Boris Bouquerel, |
Say Hello to Jupiter
Say Hello to Jupiter: The Memoirs of BB Boris is a fictional account of Boris Bouquerel's one-man musical show of a displaced time traveler. In the far-flung future, most of Earth is polluted and uninhabitable, sending humanity to the stars to realize a near-perfect Utopian society. The vocal talents of the Spacing Guild allow interstellar travel and prevent the condition of "Spaceout." Lyrd Mormahl, leader of the Spacing Guild, has plans to gain power and upset the social balance. To prevent this coup, the Empress Ro'wheena and the Rebel Microchip send Grand Voicemaster BB Boris to the past to change Mormahl's ancestor's sensibilities. But something goes awry....
If Say Hello to Jupiter were marketed as a campy sci-fi novel, then this would be a resounding success. Obviously the author has read the staples of science fiction. There are elements of Frank Herbert's Dune, William Gibson's Neuromancer and H.G. Wells' The Time Machine. Unfortunately, the book reads as if it were a serious attempt at science fiction. It's like being around someone supposedly telling a funny joke, except that person is actually being serious.
There are some good bits in this novel. Bouquerel has an obvious passion for saving the environment. Each soapbox speech in the novel is captivating and thought-provoking. He also has nice little satirical references, such as the corrupt 21st-century corporation EmmEssCom -- a homophonic ribbing at MicroSoft Company -- or the duality of the Environmental Protection Agency.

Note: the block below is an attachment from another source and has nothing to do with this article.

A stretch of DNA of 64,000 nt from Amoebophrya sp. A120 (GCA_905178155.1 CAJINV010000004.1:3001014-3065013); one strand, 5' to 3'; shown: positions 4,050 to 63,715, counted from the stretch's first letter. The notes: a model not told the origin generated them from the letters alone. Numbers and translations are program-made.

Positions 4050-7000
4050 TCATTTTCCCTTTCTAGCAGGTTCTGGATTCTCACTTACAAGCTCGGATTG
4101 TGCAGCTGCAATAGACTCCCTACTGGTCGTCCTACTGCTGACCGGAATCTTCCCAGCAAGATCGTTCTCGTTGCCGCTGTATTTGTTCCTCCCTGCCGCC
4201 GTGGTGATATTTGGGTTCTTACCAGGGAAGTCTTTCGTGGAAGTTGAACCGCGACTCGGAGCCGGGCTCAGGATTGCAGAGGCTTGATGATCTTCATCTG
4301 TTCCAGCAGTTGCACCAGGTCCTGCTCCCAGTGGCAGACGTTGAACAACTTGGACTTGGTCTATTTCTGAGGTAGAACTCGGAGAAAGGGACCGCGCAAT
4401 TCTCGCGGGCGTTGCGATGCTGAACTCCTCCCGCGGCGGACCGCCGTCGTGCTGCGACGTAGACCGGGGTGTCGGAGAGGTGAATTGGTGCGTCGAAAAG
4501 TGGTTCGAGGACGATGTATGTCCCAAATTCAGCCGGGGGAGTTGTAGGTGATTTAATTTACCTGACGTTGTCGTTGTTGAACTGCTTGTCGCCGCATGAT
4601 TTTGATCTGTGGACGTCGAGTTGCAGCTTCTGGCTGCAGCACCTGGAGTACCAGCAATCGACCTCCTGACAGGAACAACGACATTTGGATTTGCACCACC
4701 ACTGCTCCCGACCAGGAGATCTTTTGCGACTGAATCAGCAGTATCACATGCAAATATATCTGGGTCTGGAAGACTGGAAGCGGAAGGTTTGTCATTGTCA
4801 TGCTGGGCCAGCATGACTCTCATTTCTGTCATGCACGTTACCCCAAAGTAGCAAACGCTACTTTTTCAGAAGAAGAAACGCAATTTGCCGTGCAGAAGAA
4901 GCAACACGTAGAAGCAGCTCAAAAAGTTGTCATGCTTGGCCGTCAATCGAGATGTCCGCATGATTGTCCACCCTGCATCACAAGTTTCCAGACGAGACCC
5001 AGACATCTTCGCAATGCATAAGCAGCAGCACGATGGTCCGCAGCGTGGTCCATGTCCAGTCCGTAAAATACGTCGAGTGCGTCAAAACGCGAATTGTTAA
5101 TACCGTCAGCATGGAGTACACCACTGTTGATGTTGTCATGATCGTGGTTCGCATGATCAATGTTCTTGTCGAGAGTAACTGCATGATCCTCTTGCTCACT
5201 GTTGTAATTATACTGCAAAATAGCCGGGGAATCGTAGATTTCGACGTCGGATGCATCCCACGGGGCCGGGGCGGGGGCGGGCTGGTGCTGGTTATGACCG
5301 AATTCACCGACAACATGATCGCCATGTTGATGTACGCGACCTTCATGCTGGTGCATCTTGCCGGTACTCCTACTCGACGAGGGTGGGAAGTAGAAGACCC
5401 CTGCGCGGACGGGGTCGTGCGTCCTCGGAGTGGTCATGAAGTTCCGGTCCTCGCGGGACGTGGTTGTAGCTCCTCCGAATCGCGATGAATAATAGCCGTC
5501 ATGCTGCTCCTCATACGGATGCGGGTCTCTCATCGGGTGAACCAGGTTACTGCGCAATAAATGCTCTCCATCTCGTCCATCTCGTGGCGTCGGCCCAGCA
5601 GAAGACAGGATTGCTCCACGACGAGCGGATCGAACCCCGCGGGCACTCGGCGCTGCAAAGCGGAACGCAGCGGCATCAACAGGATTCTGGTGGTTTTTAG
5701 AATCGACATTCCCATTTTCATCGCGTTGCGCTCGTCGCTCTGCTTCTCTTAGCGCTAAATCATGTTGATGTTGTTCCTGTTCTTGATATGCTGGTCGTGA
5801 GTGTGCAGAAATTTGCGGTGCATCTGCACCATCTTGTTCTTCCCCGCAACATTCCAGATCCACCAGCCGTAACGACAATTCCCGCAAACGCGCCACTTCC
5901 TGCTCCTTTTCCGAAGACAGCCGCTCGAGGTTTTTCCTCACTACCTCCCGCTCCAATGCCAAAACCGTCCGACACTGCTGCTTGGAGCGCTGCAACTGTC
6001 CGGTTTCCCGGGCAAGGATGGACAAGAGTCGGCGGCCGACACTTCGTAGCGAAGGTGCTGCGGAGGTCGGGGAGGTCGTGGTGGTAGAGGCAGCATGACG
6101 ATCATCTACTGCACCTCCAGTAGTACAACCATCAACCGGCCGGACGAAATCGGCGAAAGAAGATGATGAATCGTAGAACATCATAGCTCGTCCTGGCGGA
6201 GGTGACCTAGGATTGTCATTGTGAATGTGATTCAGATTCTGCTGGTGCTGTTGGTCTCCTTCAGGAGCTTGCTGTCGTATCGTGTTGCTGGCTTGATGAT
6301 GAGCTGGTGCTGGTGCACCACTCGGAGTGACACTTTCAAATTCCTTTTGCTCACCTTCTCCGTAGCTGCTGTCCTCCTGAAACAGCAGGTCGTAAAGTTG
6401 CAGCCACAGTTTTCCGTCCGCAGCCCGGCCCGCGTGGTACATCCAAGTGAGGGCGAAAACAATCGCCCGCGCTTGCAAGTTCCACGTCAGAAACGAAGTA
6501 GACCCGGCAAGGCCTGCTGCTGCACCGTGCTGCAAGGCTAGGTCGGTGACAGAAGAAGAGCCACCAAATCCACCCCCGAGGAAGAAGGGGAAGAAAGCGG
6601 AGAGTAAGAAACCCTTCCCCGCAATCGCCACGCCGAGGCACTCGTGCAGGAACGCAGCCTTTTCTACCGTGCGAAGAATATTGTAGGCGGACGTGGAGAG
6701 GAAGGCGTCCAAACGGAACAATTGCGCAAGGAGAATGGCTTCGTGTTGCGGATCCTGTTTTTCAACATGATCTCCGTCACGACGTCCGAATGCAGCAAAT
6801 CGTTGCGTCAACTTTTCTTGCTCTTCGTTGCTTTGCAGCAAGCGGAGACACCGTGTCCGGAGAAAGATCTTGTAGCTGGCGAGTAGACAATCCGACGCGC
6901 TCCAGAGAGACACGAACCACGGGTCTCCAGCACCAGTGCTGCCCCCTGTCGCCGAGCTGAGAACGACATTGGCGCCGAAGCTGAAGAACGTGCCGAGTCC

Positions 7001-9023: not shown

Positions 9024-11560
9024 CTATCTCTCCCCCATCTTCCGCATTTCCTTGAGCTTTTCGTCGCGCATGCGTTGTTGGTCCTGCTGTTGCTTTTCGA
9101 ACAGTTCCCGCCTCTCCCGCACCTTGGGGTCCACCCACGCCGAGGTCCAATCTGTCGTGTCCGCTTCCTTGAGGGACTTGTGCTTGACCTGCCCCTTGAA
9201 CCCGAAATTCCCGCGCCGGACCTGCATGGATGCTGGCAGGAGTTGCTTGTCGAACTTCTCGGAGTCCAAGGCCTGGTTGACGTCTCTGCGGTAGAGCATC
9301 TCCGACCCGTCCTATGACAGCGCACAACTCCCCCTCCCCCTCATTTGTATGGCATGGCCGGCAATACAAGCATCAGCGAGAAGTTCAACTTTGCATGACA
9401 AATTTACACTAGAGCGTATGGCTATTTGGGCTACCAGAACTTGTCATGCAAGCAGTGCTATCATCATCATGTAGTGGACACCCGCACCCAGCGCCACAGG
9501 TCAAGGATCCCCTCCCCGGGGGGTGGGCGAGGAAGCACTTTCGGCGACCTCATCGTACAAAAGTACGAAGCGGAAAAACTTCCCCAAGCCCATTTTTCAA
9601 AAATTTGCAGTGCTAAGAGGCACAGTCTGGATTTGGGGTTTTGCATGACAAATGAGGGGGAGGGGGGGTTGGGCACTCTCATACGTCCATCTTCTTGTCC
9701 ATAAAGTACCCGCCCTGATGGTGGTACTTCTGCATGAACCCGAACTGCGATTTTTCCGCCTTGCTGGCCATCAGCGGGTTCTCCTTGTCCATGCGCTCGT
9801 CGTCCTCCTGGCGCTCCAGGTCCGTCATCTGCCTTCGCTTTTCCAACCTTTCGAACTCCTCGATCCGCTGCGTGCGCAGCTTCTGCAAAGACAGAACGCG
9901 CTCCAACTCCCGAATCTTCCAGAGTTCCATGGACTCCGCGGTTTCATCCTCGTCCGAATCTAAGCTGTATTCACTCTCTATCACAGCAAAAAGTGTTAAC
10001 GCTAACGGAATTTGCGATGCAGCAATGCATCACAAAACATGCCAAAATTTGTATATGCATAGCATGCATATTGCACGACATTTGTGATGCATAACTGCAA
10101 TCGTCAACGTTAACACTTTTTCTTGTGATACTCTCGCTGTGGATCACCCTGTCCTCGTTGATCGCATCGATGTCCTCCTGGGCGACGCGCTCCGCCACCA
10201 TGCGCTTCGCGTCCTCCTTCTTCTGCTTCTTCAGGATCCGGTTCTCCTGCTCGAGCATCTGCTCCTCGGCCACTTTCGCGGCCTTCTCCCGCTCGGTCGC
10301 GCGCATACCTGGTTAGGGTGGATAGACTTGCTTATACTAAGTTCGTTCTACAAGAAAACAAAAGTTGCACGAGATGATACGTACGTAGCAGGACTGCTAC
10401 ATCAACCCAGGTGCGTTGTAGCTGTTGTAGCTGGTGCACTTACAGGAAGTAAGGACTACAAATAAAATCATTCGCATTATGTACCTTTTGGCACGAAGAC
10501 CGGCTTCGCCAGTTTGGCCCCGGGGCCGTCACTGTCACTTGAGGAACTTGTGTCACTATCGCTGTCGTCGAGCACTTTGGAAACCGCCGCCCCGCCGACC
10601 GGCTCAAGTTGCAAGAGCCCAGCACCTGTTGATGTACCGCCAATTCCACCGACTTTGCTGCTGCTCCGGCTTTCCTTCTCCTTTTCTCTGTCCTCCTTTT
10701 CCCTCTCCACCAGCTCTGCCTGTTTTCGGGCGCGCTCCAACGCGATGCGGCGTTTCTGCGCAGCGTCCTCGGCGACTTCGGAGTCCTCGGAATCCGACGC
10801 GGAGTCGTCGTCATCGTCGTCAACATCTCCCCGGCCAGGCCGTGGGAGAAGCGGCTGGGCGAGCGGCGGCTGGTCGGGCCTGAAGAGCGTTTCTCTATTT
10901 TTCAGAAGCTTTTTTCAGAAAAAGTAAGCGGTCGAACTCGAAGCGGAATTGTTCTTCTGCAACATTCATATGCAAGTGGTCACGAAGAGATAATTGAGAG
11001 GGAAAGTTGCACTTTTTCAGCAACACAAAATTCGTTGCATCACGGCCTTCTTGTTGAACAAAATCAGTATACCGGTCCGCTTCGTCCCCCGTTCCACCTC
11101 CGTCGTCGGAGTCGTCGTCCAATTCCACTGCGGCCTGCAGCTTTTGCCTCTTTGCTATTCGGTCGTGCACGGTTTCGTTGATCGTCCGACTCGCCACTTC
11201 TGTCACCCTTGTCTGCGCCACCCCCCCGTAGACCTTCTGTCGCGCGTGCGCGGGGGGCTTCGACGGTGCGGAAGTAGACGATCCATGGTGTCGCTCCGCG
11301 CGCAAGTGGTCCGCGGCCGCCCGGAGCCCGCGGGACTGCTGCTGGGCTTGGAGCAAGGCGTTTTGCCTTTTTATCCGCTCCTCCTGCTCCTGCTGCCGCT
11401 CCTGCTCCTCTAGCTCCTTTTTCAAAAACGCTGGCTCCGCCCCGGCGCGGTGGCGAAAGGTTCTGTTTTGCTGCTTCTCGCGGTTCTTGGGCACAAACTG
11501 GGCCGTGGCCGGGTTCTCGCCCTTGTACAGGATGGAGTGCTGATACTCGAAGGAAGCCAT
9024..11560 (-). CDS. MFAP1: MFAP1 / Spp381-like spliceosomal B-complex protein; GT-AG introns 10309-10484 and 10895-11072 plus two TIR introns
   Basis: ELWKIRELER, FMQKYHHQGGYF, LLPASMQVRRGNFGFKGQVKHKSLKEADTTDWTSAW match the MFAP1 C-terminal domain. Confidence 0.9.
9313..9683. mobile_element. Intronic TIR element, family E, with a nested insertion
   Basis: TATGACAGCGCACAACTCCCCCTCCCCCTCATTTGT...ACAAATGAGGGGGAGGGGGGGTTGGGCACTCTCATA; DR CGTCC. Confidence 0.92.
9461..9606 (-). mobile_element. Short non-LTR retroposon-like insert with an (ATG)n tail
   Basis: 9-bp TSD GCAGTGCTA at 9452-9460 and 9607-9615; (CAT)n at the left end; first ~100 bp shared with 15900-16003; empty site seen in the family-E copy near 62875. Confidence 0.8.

While Bouquerel has an enjoyable voice in his writing and an attention to detail, the remaining elements of Say Hello to Jupiter range from mediocre to weak. The basic premise of someone going to the past to change an ancestor's viewpoint of the environment -- thereby changing one person's attitude 2,000 years later -- is ludicrous. Talk about going around the block to go next door....
The idea of the human voice as a weapon -- powerVoice -- is a good one, but the execution of the vocal battles are so silly that it's embarrassing. Upon reading "**WWRRRRUUYYEEEEEEEZZHK!!!**," I can't help but think Bouquerel is trying too hard.
The worst aspect of this book is that most of the characters suffer from an expository disease. If this were a comic book, it would be loaded with thought balloons. Instead of letting the action unfold, all characters must explain their previous and next steps as if the reader just picked up the book. Call me sarcastic, but I don't think someone incapable of following the plot would pick up a 450-page book in the first place.
When I finished reading Say Hello to Jupiter, it struck me that Bouquerel has written a supposedly criticism-free book. Any critical points I make about the premise, plot, characters or method of storytelling will automatically lump me into the same category as the jaded and cynical people of the 21st century in the book. Oh well, sometimes a proper review requires some sacrifice.